Booyco Electronics|Environment|Mining|PDS|Proximity|Proximity Detection Systems|Safety|System|Systems|Technology|Testing|Equipment
Booyco Electronics|Environment|Mining|PDS|Proximity|Proximity Detection Systems|Safety|System|Systems|Technology|Testing|Equipment

Covid-19 must not derail Level 9 compliance

Level 9 compliance dictates that trackless mining machinery in certain environments be able to slow down and stop when detecting a potential threat

SAFETY FIRST Level 9 compliance dictates that trackless mining machinery in certain environments be able to slow down and stop when detecting a potential threat

6th November 2020


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Efforts to advance safety in the mining sector through improved collision avoidance standards have been severely hampered by the Covid-19 lockdown, says electronics manufacturer Booyco Electronics CEO Anton Lourens.

The company is playing a leading role in testing proximity detection systems (PDSs) to meet government’s planned Level 9 compliance.

“It took a great deal of time and commitment from mining industry stakeholders to detail the standards and processes for suppliers of proximity detection equipment to start tests on original-equipment manufacturers’ (OEMs’) machines,” says Lourens. “This momentum has been lost, and even the deadline for compliance is now in question.”

He explains that, Level 9 compliance – which was expected to be applied to the industry in December 2020 – dictates that trackless mining machinery (TMM) in certain environments be able to slow down and stop automatically when detecting a potential threat. These technical capabilities are expected to have a significant impact on safety in the workplace.

“Limited communication about government plans at this stage mean that there is considerable uncertainty in the market about future compliance parameters.

“This is a pity as there was a constructive urgency developing, which was pushing the process forward towards reaching its goals,” says Lourens.

He urges all stakeholders to remain focused on achieving Level 9 compliance, as the process still requires a great deal of time-consuming collaboration between OEMs, PDS suppliers and mines.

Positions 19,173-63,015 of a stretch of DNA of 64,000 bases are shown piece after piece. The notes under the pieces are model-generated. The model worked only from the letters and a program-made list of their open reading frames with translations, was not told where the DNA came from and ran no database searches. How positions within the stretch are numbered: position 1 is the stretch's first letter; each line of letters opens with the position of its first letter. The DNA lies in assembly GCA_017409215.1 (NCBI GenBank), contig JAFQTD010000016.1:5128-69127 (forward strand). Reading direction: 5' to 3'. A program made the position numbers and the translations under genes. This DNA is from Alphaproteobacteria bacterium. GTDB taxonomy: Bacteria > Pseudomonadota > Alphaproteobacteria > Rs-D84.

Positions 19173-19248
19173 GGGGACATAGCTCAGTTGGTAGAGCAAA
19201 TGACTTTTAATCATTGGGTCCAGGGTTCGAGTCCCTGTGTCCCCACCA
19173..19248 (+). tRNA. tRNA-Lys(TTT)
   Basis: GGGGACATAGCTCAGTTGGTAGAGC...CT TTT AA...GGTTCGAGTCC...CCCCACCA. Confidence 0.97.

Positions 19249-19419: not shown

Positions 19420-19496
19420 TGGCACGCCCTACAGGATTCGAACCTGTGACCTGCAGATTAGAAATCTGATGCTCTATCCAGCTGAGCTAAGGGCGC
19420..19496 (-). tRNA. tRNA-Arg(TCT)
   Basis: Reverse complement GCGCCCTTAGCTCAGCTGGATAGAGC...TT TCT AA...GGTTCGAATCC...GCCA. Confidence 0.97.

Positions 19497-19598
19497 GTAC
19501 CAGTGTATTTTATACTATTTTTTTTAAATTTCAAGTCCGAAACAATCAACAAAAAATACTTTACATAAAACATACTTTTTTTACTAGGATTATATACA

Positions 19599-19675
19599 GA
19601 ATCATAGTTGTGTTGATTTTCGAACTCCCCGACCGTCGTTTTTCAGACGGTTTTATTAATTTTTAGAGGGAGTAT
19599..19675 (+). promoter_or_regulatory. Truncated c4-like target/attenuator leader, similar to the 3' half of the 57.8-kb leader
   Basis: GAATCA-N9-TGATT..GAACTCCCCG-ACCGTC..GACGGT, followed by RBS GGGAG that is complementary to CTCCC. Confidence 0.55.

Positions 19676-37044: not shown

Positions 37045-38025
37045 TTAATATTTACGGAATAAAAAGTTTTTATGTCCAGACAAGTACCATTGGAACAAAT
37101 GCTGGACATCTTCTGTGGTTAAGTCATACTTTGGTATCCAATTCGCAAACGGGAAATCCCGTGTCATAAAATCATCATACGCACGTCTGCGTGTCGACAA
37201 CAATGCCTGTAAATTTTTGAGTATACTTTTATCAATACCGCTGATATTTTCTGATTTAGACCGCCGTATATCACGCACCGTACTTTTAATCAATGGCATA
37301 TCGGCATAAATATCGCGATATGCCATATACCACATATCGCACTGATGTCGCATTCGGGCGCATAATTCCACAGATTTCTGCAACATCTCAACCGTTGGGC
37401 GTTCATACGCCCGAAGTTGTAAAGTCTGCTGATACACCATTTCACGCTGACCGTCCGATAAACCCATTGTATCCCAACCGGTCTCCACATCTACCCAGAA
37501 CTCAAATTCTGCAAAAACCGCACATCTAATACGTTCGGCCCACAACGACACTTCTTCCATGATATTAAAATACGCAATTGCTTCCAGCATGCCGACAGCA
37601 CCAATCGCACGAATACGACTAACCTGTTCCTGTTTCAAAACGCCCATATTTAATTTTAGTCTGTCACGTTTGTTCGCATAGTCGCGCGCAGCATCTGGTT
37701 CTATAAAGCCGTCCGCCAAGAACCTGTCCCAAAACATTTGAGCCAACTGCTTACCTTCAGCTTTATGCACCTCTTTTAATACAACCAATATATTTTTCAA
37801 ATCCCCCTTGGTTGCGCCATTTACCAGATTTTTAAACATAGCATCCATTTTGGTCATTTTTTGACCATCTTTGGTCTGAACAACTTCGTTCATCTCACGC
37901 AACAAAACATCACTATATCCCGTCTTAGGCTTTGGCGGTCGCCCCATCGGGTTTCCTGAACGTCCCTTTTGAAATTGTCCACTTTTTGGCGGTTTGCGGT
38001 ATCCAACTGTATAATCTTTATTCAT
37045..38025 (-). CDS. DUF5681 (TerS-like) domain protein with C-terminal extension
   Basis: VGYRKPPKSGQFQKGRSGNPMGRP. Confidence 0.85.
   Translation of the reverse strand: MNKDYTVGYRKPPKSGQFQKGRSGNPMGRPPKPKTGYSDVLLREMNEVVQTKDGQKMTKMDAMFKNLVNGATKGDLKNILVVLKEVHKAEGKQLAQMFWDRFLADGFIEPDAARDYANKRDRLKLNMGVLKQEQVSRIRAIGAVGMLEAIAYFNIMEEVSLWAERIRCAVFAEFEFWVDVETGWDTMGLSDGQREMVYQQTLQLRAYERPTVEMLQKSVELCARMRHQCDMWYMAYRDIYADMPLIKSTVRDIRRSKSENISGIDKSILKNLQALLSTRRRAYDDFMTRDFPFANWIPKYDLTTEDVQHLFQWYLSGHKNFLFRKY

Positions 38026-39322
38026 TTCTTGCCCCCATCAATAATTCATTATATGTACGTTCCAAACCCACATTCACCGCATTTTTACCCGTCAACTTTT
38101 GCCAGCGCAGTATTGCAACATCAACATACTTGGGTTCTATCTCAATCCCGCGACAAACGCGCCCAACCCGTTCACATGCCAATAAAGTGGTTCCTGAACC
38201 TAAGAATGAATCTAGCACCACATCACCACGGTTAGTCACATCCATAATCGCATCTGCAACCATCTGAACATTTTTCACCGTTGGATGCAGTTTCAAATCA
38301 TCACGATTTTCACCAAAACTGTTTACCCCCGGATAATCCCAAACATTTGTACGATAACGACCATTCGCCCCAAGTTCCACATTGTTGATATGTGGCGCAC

“Compliance in this field is not a simple tick-box exercise. It requires each mine to find a fit-for-purpose and integrated solution that suits their mining environment while practically mitigating significant risk,” he says.

Lourens warns that the technology providers in the market can develop the most advanced equipment, but it may still be ineffective on the ground if it is not well integrated into OEM machines and mines’ own systems.

The key to successful integration begins with the ISO 21815 machine interface standard, which describes the requirements for a communication interface between a PDS and TMM. Both OEM and PDS suppliers must consider this standard when developing their equipment, and then cooperate in terms of integrating and testing their respective systems.

Lourens notes that one of the challenges that needs to be addressed is that there is still selective engagement between some OEMs and PDS vendors, leaving gaps in integration that could hamper application across the sector.

“If all players are not on board for whatever reason, it could lead to some of them being left behind in this process,” he states.

Despite the limitations imposed by the Covid-19 lockdown, there is still much progress that can be achieved in the journey towards Level 9 compliance.

He emphasises the extensive laboratory-scale process that has been under way, where parties can engage remotely to develop a proof of concept and finalise how the systems should integrate.

“Taking the collision avoidance system to the TMM, fitting it and testing it is a different matter altogether, and may not always be feasible in terms of social distancing regulations. As the lockdown eases, we will hopefully be able to do that soon.”

In the meantime, however, there is plenty of groundwork still to do, with risk assessments, legal aspects and various other planning and administration.

He stresses that there is a danger of exaggerating the impact of the lockdown, and missing the opportunity to make progress.

Edited by Nadine James
Features Deputy Editor



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